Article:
“All the women who reach the gates of the hospital feel that their lives have been ruined” says Hamlin. “They have no self-worth and have become social outcasts from their community at a very young age through no fault of their own. They’ve suffered all this injury unnecessarily because they haven’t got enough obstetric care in the provinces.”

Defining the Problem
Reliable data on obstetric fistula are hard to come by because of the stigma associated with the condition. Describing it as the most devastating of all pregnancy-related disabilities, the United Nations Population Fund (UNFPA) says obstetric fistula affects an estimated 50,000 to 100,000 women around the world every year and is particularly common in sub-Saharan Africa, where populations face challenges to obtaining quality health care. The World Health Organization estimates that at least 8,000 Ethiopian women develop new fistulas every year.

The condition occurs when a woman — usually one who is young and poor — has an obstructed labor and, lacking a skilled birth attendant and emergency obstetric care, does not get a Caesarean section when she needs it. The obstruction may occur because her pelvis is too small, the baby is badly positioned, or its head is too big. Underlying causes include childbearing at too early an age, poverty, malnutrition, and lack of education.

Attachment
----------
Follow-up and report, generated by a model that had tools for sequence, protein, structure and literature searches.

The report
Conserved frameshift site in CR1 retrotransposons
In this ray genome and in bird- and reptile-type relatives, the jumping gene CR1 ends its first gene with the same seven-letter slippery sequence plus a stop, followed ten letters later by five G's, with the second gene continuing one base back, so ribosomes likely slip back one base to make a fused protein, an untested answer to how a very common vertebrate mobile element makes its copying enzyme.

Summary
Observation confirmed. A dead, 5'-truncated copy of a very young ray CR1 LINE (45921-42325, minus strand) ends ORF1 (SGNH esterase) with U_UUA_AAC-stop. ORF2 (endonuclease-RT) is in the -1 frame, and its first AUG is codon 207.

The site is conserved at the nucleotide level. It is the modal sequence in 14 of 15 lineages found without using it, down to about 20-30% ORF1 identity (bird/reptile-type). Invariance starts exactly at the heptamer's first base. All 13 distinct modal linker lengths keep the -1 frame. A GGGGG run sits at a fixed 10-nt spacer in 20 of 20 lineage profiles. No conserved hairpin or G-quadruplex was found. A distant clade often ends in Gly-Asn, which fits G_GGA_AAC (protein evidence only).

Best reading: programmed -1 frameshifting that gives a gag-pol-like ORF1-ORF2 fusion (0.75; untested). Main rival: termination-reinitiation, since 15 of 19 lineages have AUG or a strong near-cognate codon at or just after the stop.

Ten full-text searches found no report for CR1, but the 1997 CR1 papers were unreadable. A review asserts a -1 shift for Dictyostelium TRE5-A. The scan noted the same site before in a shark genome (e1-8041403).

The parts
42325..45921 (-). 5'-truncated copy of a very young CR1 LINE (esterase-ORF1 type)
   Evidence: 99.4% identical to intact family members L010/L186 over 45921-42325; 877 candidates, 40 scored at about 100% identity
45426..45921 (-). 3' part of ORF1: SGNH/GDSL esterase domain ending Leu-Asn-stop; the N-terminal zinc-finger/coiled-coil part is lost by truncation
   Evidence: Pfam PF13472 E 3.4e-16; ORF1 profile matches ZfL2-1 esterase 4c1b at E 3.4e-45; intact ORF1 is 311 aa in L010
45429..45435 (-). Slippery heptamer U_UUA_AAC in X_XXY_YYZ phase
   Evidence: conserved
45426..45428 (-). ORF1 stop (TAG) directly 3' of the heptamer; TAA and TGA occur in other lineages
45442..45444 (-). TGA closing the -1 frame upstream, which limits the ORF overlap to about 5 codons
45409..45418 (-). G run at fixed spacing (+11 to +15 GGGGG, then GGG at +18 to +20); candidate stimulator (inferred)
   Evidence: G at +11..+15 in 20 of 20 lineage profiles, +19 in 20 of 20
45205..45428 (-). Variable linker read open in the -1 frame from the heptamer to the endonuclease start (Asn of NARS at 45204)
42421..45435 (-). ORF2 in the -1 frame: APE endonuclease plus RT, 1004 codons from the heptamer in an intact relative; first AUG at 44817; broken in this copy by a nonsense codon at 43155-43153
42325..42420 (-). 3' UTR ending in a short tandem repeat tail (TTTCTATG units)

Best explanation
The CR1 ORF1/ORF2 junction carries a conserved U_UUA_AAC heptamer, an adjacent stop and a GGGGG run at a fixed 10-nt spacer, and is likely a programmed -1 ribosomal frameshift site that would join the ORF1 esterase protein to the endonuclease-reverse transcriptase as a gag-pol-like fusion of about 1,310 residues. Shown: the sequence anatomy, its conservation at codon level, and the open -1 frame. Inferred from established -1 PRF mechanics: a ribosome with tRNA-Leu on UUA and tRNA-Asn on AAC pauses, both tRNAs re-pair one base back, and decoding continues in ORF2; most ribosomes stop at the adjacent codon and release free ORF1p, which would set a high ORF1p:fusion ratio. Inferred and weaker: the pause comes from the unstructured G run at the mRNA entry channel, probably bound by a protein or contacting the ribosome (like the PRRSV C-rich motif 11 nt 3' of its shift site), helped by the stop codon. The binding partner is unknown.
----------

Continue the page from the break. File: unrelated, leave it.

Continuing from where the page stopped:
In an effort to prevent and treat the condition worldwide, UNFPA is spearheading a global campaign whose partners include governments, health care providers, and organizations such as the Addis Ababa Fistula Hospital, EngenderHealth, Columbia University’s Averting Maternal Death and Disability Program, the International Federation of Gynecology and Obstetrics, and the World Health Organization (WHO).